(**My apologies for this being a day late. I have been out all week again with a spine issue. Scoliosis in my neck caused a muscle tear. Good times.)
Last year, Cal Newport’s Deep Workwas listed on a proposed reading list for class that then was postponed until this week. I noticed the title that resonated deeply with me because it came at a time when I found myself being constantly interrupted from assignments – like exegetical research or sermon writing and formation, to policy work or letter writing or completing an assignment for class – by tweets and emails and basically random thoughts that would pop into my head that would cause me to jump to the internet in search of an answer to a question or that I just remembered I needed to order beard balm from Amazon, and how difficult it would then be to get back to the place of deep concentration where my writing, thinking, studying, or brainstorming, could return to its flow state. This was a long way of saying how eager I was to read a book I felt I desperately needed in my work and in today’s hyper-tech society.
For this post, I am choosing to write from my memory of what I took away from the book last spring, while it continues to remain in an unpacked box in my garage (we are still a long ways from being settled in our new home). It is an easy concept to explain. We all know what is shallow work because we experience it every day – responding to emails, text messages, sitting in boring meetings, cleaning our bedrooms, pulling weeds, driving to work. And most of us know –at least, every doctoral student—what deep work requires. The focused concentration of writing a term paper or drafting a legal statement, or performing spinal surgery, are all examples of deep work. The problem is that deep work in our day of digital communication is constantly being pressed upon and interrupted. It’s easy to escape deep work and trade it for the little adrenaline rush of responding to an email, but it takes so much longer to get back to that level of depth of concentration once interrupted, that our times of deep work need guarding.
Newport suggests some very practical things that I continually remind myself to implement, such as scheduling chunks of 2-4 hours of “deep work” each day, where I shut off everything else—phone, email, all unnecessary applications, and try to work for those hours and I find it is amazing how much can be accomplished. This is because the brain finds its flow state and our potential is more likely able to be reached in these moments.
At the same time, much of our – or at least, my – work requires fielding contacts, emails, mindless reports, various tasks that do not require high levels of concentration. This is shallow work. Shallow work is not bad work or less meaningful, it just utilizes a different part of the brain and has a different set of requirements.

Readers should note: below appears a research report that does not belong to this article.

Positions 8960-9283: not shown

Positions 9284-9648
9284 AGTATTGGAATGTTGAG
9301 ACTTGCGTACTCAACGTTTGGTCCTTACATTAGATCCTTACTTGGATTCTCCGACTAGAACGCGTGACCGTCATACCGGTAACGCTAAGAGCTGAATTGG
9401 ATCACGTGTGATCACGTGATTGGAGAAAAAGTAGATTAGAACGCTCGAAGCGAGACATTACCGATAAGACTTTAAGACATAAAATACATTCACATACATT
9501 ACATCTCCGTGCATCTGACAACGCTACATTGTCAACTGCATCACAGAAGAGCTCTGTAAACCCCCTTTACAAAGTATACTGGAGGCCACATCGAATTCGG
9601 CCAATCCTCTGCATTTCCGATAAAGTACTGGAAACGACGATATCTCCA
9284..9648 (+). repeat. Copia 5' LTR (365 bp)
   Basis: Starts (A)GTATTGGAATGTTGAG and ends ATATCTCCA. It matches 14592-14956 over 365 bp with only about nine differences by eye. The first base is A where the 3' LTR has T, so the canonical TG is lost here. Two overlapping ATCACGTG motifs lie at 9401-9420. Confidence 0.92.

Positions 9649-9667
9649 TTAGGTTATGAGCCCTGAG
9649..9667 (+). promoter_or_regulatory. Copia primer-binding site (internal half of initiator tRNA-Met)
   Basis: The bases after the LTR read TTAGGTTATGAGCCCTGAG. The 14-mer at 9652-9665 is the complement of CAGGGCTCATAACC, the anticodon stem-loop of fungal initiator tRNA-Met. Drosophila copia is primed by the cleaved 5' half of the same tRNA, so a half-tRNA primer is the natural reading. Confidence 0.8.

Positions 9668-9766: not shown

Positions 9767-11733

I am reminded that Newport’s work is not necessarily new, though it is packaged in a way that makes great sense for our context. But most of the greatest writers and preachers of history will tell you that having a carved-out time for writing, in the same place at the same time, with no interruptions, is the best way to find success in writing and accomplishing deep-level work in the shortest amount of time. This is because these writers (Fred Craddock is one who comes to mind) understand intuitively that our bodies have memories that are established through consistent routines. So, to sit in one particular desk at the same optimum time for the same two hours each day for the same purpose of, say, writing a novel, communicates to the brain that this is not time to think about politics, or the state of the economy, or the problems with your bi-polar son—no, this is time to write the novel. In other words, Cal Newport contextualized with thorough research and personal experience, a theory that some of the greatest writers, thinkers, preachers, and inventors have known intuitively for centuries.
One of the things I learned from our time in Hong Kong that connects to Newport’s concept is that even our capacity for deep work has limits. Many of us on the trip (myself being the first) found ourselves reaching max capacity to listen and receive deeply the messages and sharing of people like Alex and the Saddleback Hong Kong pastor. Each of these experiences required deep work (at least in terms of mental and emotional engagement), and there were times when we needed to find some light or “shallow” space to breathe. So I am reminded again of my need to block time for deep work, shallow work, self care, and everything else that deserves time in this demanding and hurried world.